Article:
Homeschool ideas can spice up a mundane routine, and make learning fun for parents and kids who are experiencing burnout.
When considering homeschooling ideas, look for activities that are inexpensive, require few supplies, and are easy to set up and clean up. Choose activities that are enjoyable, and don't make your children think of school. Here are some homeschool ideas that students of all ages will enjoy:
Poetry Night - Teach your children about poems and poets by hosting a poetry night. Have each member of the family recite a favorite poem, and provide background information about the style of poetry and the poet.
As an alternative, take turns reading poems from a favorite book or place poems written by family members into a book of your own.
Family Business - Starting a family business is a great way to build math skills and encourage entrepreneurship. Let your children sell homemade items, wash cars, walk pets or perform odd jobs for neighbors.
Teach them to develop a business plan that includes choosing a valuable product or service, setting a fair price, estimating their expenses and setting realistic goals. Help your children think of creative ways to market their business.
Remember to carefully supervise younger children when they are performing services for others.
Special Days - Set aside special days in your home to let your children spend the day in their pajamas, wear a specific color or dress up as a favorite character.
For fun, let family members experience each other's lives by switching roles or impersonating each other. Have an appreciation day where family members state what they appreciate about each other, or a day of service where siblings try to brighten one another's day.
One of my favorite homeschool ideas is to have a "mental health day" once per month where everyone sets their duties aside to relax and have fun.
Go Outside - Taking school outdoors is a simple homeschool idea that adds sunshine to a dreary day and builds habits that lead to a healthy lifestyle. Read or complete lessons outside in your back yard. Take lunch to the park, or head to a local pond to feed ducks. Ride bikes around the neighborhood or take a few laps around the block to allow wiggly students to burn off energy between assignments.
Book Club - If you no longer read aloud as a family, set aside one night per month for a family book club. Have every member of your family read the same book, or choose a topic and let each child select a book on their level.
Have your children present background information about the subject and the book's author, and prepare a list of open-ended questions to discuss. These meetings will help your children develop conversation skills, and look forward to reading.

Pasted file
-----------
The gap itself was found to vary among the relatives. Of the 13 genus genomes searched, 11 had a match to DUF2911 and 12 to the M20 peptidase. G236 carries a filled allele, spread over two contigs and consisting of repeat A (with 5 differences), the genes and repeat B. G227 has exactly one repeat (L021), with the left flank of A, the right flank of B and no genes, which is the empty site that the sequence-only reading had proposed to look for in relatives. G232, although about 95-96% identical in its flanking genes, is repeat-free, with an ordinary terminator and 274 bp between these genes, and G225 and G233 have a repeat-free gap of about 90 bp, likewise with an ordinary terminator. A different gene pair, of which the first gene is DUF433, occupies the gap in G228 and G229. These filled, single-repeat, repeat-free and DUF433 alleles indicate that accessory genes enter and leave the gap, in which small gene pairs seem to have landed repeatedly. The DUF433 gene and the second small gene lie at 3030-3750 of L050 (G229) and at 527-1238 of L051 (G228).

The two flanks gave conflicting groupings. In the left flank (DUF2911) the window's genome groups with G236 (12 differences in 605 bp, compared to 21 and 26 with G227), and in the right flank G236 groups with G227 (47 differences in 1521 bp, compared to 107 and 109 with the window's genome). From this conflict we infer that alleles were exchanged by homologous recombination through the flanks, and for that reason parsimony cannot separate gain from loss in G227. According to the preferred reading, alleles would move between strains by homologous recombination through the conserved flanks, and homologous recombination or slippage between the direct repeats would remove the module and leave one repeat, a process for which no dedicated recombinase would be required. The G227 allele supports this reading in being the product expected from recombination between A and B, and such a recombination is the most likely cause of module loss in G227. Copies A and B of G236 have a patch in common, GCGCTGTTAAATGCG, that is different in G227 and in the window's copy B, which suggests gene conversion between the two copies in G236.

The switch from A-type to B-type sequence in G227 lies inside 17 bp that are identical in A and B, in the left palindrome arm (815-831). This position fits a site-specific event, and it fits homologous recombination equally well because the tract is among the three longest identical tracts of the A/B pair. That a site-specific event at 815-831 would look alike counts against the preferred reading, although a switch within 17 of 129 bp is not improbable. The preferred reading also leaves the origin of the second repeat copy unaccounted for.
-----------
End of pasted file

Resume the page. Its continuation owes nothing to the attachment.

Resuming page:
Word of the Week - Place a vocabulary word on your dry erase board or refrigerator at the beginning of the week. Discuss the word and its meaning, and encourage your children to use it in a sentence. Throughout the week, keep track of the number of times it is used in context, and reward the family member who uses it most frequently.
Family Newsletter - Publishing a monthly, quarterly or semi-annual family newsletter will help boost your children's writing and computer skills. Prompt your children to write about family news, community events, hobbies, books, movies or subjects they have studied. You can also include artwork and family photographs.
Assign each child an area of responsibility or let children choose their own topics. These newsletters will help you remember your family's adventures for years to come.
Celebrate Holidays - Decorate your home, dress up and make special meals for holidays. Research the day's origin and traditions, and how it is celebrated in other parts of the world. Celebrating holidays is a great way to study history and culture, and create memories.
Here are some ideas for celebrating homeschool holidays.
Debate Night - Separate your family into teams and choose a subject to debate. Encourage your children to learn as much as they can about the topic. Help them organize the information, and develop and evaluate their arguments.
Debates help children develop critical thinking skills and confidence speaking before groups. This is also a fun way to teach your children research skills, and help them develop an interest in history and current events.
Homeschool Games - Set aside one night per week for a family game night. Order pizza or prepare a favorite meal. Turn down the ringer on your telephone, turn off the television, and focus on your family. Chess, Scrabble, Monopoly and other games are great for math and language development.
Here is some information about choosing homeschool games your family will enjoy!
Additional Learning Activities
Follow these links to find homeschool ideas for specific subjects:
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